The Priest’s Supper

The Priest’s Supper


I came to the Orthodox Church by way of a high-church Lutheran congregation to which I’d supplemented a private study of Irish history, mythology, and the ‘ancient Irish’ church. Irish-American is the heritage I claim although in truth my blood is mixed with Dutch and German too. As a child, my family celebrated St. Patrick’s Day like a national holiday—eating corned beef and wearing green without noticing that he was a saint. I was raised strict, conservative, Evangelical. I discovered the saints and Mary with the Lutherans, and we patted ourselves on the back for being so very open-minded. Throughout the bewildering season of my Inquiring, the icon of St. Patrick on the wall of my local Orthodox Church continually comforted me.

In the early centuries of the Church, trade routes were common across the Mediterranean and up to Ireland. The early Irish litanies commemorated St. Anthony, the father of Irish ‘green’ (not desert) monasticism, and the ‘ancient Celtic’ church marked a full six weeks of Advent. Most of my Western sources promulgated these details as uniquely Irish expressions of faith. St. Patrick, they claimed, instituted the private nature of Confession. Now I know better.

As a folklorist-storyteller, writer, and former children’s librarian, I have a fascination especially for Irish faerie lore. Most of the Celtic pagan tales have been Christianized, and I cherish the Christian element, not as a didactic sanitation, but as the light of Christ illuminating mythology.

I share with you my favorite Irish faerie story. There are numerous variations according to the preference of the storyteller. It was most popularly collected by William Butler Yeats who was himself quoting T. Crofton Croker’s 1834 folklore collection where the tale is known as “The Priest’s Supper.” My own version is a conglomerate of multiple sources:

In County Cork in the time of your great-grandparents, Dermot Leary was walking a country road, on his way from his thatched farm cottage into town to fetch the priest for a neighbor who was ill. He is halfway into town when he hears faint music and sees wan and flickering lights in a bush at the side of the road.

An ageless man steps out from behind the hedges. He is handsome and well dressed in a proper waist-coat and jacket, and wearing a red felt cap. He is too handsome, with eyes that glow like starlight. “Go ask the priest,” the faerie says, “Go ask the priest what will become of the Fair Folk on the Last Day.”

In all the stories, it is known without saying that it is unwise to refuse a faerie. Answer their summons and be done with then, otherwise they’ll pester you without ceasing. As Orthodox Christians we do not to converse with spirits, but this is a folktale—a story—so please bear with me to its conclusion. Keep in mind also that mythological creatures are often a metaphor, a stand-in for people different from ourselves, or aspects of our psyche that we don’t want to admit to. Humans created the tales, after all.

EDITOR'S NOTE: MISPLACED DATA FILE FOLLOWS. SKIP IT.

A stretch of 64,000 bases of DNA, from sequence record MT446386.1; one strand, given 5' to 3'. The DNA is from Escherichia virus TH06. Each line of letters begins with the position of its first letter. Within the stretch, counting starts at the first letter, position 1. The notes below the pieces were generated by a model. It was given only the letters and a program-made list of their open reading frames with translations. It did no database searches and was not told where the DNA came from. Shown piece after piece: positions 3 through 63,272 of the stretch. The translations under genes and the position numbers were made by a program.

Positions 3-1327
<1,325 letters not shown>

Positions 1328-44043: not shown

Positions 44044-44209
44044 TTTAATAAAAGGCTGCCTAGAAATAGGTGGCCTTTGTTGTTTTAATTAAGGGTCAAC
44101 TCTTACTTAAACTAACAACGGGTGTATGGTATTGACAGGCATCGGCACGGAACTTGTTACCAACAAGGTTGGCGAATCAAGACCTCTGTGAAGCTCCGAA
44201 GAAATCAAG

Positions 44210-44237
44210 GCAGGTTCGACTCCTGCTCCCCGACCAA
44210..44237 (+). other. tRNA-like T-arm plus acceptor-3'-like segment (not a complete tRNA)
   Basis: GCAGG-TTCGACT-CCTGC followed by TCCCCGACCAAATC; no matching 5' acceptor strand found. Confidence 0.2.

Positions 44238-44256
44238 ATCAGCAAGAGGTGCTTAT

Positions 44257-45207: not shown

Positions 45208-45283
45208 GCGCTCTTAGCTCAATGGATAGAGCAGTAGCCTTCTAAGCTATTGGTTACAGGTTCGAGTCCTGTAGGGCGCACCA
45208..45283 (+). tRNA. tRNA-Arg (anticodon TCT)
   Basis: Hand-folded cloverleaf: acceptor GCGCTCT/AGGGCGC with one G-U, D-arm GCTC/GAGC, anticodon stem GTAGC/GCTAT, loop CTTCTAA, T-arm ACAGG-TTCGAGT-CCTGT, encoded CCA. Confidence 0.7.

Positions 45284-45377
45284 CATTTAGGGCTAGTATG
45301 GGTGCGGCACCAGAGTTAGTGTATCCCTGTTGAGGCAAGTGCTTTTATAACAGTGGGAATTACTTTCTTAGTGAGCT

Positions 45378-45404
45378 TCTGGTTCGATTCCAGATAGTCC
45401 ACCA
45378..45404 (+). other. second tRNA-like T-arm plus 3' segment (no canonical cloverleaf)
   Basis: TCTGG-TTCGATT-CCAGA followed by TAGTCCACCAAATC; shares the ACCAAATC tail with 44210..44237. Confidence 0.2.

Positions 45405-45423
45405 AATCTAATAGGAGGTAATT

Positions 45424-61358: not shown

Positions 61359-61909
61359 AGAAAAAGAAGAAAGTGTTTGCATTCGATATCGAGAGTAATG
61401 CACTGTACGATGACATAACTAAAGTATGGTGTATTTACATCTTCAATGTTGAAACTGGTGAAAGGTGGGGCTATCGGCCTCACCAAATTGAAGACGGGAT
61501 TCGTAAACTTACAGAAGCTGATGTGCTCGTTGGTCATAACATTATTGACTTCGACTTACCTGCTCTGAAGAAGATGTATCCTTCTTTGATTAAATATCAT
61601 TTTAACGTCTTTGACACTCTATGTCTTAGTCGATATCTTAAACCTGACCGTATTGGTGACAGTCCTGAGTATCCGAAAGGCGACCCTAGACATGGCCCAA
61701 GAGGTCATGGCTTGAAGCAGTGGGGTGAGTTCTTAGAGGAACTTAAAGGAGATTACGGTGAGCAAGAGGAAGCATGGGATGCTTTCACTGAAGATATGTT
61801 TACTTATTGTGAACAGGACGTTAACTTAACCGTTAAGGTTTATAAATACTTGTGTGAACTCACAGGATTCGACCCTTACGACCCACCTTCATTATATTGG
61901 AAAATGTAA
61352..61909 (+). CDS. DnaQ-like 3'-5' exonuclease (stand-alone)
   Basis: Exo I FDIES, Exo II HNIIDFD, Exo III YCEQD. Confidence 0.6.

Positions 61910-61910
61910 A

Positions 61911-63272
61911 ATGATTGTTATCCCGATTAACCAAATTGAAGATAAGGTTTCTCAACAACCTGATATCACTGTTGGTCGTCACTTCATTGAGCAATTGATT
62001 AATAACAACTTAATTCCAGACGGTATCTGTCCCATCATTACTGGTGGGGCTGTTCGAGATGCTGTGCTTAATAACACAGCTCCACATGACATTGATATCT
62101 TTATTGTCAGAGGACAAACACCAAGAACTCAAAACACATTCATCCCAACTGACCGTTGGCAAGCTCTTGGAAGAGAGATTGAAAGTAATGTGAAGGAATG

Dermot hurries into town, walking even more quickly, and knocks at the rectory. He interrupts the priest at his supper. A fine meal it is, too, fresh salmon pulled from the Lee River that very afternoon, and broiled with potatoes on the coals. Dermot relays his message.

The priest puts down his fork.

(The stories vary significantly with the priest’s response. In one version he attempts to catechize the faeries. Here is the version I like best):

“Tell them that it won’t be known ‘til the Day o’ Judgment.”

I love folktales because they speak deeper truths. “Tell them that it won’t be known ‘til the Day o’ Judgment.” My priest had homilized something similar during one of my early visits to the Church. How stunned I was! How refreshing!

My Evangelical childhood had been filled with us-versus-them: We are going to heaven, and we must evangelize everyone else whom, we know, are not. Today I cherish Metropolitan Ware’s oft-quoted assertion that we know where the Church is, but we cannot say where it is not.

The humility and compassion of the Orthodox Church continues to stun me. Some days it feels fairy-tale unbelievable. I’ve discovered the sword-in-the-stone, the pearl-of-great-price, the heavenly treasure that thieves cannot steal.

I’ve learned to pray for the living and the dead and commend them to God. I pray and fast as best as I can. I queue up for the Body and Blood of Christ and proclaim myself the Chief of Sinners. The final outcome won’t be known until the Last Day.


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About author

Cynthia Long

Cynthia Long is a librarian, folklorist, and writer with a focus in Celtic folklore, mythology, and history. She earned her M.F.A. in Fiction from Rosemont College in Rosemont, Penn., in May 2016. In August 2017 she presented at Doxacon, the Orthodox Science Fiction and Fantasy convention, on the topic of fairy tales and the famous C.S. Lewis quotation that says, "Some day you will be old enough to read fairy tales again." Cynthia was Chrismated in September 2012 and attends St. George Church in the Philadelphia suburbs, where she tends the parish library.